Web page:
- Be careful when using acronyms. If you use an acronym it is best to spell out its meaning first, then put the acronym in parentheses afterward, for example: Frequently Asked Questions (FAQs). After that you can use the acronym freely throughout your message.
- Use good grammar and spelling, and avoid using text messaging shortcuts.
- Coffin, Western Civilizations, Vol.1, ISBN# 0393934829
- Davis, The Return of Martin Guerre, ISBN# 0674766911
Assignments and Assessment
The nature and content of exams and assignments are subject to change during the course of the semester.
You are expected to follow the SCC guidelines on academic honesty. Violations discussed in the Student Handbook, including plagiarism, fabrication, or cheating on any assignment or examwill be reported. Cutting and pasting anything from the internet without proper citation is plagiarism. All forum posts and test answers will be screened for plagiarism. Taking quizzes and exams in groups is also cheating. I catch a good number of people each year; do not let it be you. At the very least, the work in question will receive a failing grade (anywhere from zero to 59 points, at my discretion). Multiple incidents WILL result in the failure of the course, and disciplinary action by the college.
Handing in assignments:
While I understand that on certain isolated occasions you may be unable to complete an assignment on time, I will penalize late work by 10 points unless I have granted an extension to an individual BEFOREthe due date. If you need an extension on an assignment, email me well ahead of time. If you are granted an extension on an assignment, you must remind me of my consent when you turn in the late assignment. All late work must be handed in by the last class of the semester in order to receive credit.
Appealing a grade
If you wish to appeal a grade, you must follow these procedures:
Write a short, typed paragraph (more if necessary) explaining why you think the grade should be changed. Please be specific and provide examples. Hand in your assignment with the written appeal no later than one week after the day on which assignments have first been returned. When you turn in your appeal, make an appointment with me to discuss the assignment. I will not consider appeals submitted more than one week after the papers have first been returned.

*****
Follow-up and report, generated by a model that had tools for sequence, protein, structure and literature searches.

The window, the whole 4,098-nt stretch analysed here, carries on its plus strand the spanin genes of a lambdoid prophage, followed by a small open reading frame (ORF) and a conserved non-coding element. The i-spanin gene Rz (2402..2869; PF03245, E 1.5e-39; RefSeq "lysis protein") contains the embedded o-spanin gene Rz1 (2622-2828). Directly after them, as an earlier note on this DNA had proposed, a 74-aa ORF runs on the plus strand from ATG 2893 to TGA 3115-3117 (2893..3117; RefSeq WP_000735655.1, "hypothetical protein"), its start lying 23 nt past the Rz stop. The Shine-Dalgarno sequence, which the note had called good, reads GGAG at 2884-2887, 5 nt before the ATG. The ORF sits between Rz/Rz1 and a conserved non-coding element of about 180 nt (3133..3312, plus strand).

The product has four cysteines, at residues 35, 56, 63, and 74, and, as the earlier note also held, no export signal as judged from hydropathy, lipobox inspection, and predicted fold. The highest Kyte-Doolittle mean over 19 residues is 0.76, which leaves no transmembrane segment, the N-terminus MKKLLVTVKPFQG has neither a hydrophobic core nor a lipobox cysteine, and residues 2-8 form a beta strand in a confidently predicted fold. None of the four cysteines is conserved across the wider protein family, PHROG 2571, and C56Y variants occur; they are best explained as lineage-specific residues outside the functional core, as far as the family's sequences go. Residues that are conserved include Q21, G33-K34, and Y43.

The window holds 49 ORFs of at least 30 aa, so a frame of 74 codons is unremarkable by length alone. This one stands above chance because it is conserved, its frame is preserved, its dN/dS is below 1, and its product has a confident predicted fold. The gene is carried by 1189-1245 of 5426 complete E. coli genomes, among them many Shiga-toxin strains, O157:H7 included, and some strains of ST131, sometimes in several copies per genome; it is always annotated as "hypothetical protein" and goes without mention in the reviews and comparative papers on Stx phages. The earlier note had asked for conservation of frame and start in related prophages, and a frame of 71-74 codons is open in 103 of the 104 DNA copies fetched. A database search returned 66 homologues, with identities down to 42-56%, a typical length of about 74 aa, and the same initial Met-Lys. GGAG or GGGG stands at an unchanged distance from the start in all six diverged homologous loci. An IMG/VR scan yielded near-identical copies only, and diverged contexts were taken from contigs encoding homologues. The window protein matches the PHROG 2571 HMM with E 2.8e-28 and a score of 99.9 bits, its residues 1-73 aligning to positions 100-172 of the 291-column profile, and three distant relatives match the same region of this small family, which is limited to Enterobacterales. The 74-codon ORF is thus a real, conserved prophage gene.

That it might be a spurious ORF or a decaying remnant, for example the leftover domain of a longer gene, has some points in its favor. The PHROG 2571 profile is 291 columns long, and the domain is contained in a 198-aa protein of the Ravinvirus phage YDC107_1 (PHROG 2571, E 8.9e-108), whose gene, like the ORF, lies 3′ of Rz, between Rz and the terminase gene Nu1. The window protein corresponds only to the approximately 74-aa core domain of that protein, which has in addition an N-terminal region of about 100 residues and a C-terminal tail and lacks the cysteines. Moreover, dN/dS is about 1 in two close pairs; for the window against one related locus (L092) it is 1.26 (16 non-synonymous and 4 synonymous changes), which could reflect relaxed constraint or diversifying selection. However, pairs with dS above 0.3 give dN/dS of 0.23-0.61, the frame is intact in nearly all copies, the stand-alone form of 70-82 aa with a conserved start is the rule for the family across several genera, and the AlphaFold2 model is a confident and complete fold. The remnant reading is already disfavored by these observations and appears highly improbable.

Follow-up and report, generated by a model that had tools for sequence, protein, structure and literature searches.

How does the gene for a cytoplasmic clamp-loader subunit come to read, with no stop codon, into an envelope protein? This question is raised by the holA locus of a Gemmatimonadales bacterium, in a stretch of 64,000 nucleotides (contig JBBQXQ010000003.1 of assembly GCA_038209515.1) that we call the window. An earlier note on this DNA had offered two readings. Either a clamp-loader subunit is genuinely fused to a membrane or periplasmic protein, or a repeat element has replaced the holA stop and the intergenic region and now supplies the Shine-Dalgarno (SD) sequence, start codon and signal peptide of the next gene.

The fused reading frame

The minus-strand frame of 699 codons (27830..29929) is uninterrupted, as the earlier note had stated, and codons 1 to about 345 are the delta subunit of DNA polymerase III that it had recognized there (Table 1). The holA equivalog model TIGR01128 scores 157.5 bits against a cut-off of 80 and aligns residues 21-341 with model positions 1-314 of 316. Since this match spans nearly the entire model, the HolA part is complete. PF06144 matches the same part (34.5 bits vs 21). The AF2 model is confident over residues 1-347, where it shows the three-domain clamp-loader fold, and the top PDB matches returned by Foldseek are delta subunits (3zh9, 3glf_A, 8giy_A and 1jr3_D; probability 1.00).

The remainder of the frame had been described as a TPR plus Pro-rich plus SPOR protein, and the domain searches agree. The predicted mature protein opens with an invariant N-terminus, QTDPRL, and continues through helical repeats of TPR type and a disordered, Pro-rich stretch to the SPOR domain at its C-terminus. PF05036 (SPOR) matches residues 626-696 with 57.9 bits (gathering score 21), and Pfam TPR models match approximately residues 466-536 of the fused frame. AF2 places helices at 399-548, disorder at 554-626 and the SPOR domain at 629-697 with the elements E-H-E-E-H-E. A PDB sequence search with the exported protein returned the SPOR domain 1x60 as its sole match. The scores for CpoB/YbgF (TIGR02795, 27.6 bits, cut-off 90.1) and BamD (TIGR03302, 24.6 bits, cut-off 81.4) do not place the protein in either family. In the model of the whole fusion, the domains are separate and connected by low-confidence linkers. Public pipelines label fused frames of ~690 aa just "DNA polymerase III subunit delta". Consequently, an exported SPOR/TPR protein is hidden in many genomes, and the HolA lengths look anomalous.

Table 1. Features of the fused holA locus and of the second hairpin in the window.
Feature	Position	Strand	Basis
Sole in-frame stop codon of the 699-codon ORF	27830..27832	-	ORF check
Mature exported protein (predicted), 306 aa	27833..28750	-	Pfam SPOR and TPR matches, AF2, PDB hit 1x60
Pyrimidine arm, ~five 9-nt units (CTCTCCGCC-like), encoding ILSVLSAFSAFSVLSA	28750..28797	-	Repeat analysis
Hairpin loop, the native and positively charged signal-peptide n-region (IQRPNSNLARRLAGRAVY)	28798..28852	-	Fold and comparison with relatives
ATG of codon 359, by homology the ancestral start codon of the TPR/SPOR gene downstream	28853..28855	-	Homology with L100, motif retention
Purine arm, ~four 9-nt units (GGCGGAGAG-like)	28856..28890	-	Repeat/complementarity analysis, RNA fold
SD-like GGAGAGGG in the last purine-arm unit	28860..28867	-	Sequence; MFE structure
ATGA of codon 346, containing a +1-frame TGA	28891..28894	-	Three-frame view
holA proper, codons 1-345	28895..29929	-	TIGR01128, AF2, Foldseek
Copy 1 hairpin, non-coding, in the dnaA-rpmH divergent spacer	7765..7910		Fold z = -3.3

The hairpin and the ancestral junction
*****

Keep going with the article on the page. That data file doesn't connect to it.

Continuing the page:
Discussions Posts and Module Assignments – 35%
Lecture Exams (3) – 30%
Chapter Quizzes (14) – 20%
Papers (1) – 15%
Discussion Posts (35%)
Discussion short writing assignments will be given throughout the semester and will be posted in most modules. Your grade will be assessed as follows:
A – The post reflected a clear understanding of the readings. Provided multiple examples as evidence in answering the question(s). Answered question clearly and fully.
B – The post reflected a good understanding of the readings. Provided at least one example as evidence in answering the question. Answered question clearly and fully.
C – The post reflected a basic understanding of the readings. Provided a generalized answer to the question. Answered most of the question, but either inferred or left out information.
D – The post showed little understanding of the readings. Provided a very general and/or vague answer to the question(s). Missed key points of the question.
F – Clearly didn’t read. Provided a vague, general answer to the questions. Failed to answer the question adequately.